Net-Zero Emissions With Renewable Energy Certificates: A Public Policy for a Massachusetts Municipal Light Plant

Joseph Yaw Abodakpi, Patrick Collins, Aidan Giasson


The promotion, desire and need for renewable energy generation and transmission to electric grids to provide clean, non-carbon-based power has increased in recent years with more focus on climate change mitigation in both the public and private sectors. Renewable Energy Certificates, also known as “RECs” are the established public policy mechanism for incentivizing, verifying, tracking and supporting renewable energy. REC markets are created and managed by state governments to allow selling, purchasing and trading of these “green commodities'' to substantiate environmental attribute claims. A new legislation in Massachusetts requires all stakeholders, businesses and sectors to reduce emissions, which means electric utilities, both public and private, must participate in REC markets to green their power supply portfolios that they provide to consumers. This paper explores and analyzes the role of REC markets, monetary policy, trends, stakeholders, participants, and the current public policy debates in this area. A specific public policy making case is explored for this research, the Municipal Light Plant in Shrewsbury, MA, utilizing RECs to achieve a 100% non-carbon power supply or “net-zero” emissions. A financial analysis based on REC market research and debate is conducted to inform a rules-based and judgement-based fiscal Power Supply Policy and Greenhouse Gas Emissions Standard for SELCO (Shrewsbury Electric and Cable Operations), a public electricity utility.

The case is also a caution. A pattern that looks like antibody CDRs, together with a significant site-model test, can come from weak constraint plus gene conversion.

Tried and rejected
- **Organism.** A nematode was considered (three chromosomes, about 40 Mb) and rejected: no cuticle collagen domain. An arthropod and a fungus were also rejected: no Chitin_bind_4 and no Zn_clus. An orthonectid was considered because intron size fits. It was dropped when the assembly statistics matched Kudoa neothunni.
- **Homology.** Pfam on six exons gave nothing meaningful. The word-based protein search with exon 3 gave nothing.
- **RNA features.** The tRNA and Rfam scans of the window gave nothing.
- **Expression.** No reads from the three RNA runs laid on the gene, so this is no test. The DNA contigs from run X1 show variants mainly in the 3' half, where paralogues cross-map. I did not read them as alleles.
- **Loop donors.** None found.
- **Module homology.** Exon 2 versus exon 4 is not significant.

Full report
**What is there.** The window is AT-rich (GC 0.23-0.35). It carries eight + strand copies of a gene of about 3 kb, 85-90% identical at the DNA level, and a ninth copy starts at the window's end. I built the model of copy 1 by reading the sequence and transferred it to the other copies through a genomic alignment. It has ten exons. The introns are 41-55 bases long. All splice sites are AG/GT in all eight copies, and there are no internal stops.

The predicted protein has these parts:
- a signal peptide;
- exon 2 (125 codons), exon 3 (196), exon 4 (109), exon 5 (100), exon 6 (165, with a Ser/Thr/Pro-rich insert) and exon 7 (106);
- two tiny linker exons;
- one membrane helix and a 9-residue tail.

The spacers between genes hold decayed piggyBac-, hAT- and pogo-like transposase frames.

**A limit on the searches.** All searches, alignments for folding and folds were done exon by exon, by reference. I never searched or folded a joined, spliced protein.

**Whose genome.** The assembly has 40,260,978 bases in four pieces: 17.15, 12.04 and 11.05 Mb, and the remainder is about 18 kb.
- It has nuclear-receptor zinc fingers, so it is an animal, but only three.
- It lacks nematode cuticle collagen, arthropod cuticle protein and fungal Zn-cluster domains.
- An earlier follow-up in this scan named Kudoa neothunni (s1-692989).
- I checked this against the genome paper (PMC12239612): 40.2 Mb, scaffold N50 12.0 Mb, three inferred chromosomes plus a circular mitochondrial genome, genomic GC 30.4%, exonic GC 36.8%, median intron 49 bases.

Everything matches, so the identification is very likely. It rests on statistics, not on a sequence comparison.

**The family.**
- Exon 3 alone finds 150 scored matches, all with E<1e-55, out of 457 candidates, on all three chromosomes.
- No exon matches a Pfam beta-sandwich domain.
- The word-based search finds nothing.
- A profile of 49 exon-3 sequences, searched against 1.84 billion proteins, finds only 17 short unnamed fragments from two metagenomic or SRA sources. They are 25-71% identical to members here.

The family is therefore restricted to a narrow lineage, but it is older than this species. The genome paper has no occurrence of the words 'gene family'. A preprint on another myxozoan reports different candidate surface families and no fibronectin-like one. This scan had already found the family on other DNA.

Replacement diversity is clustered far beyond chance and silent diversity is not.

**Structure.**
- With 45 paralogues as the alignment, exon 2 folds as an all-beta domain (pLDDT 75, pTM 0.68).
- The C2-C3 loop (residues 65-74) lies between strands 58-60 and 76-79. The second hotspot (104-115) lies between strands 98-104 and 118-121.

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International Journal of Financial Research
ISSN 1923-4023(Print)ISSN 1923-4031(Online)


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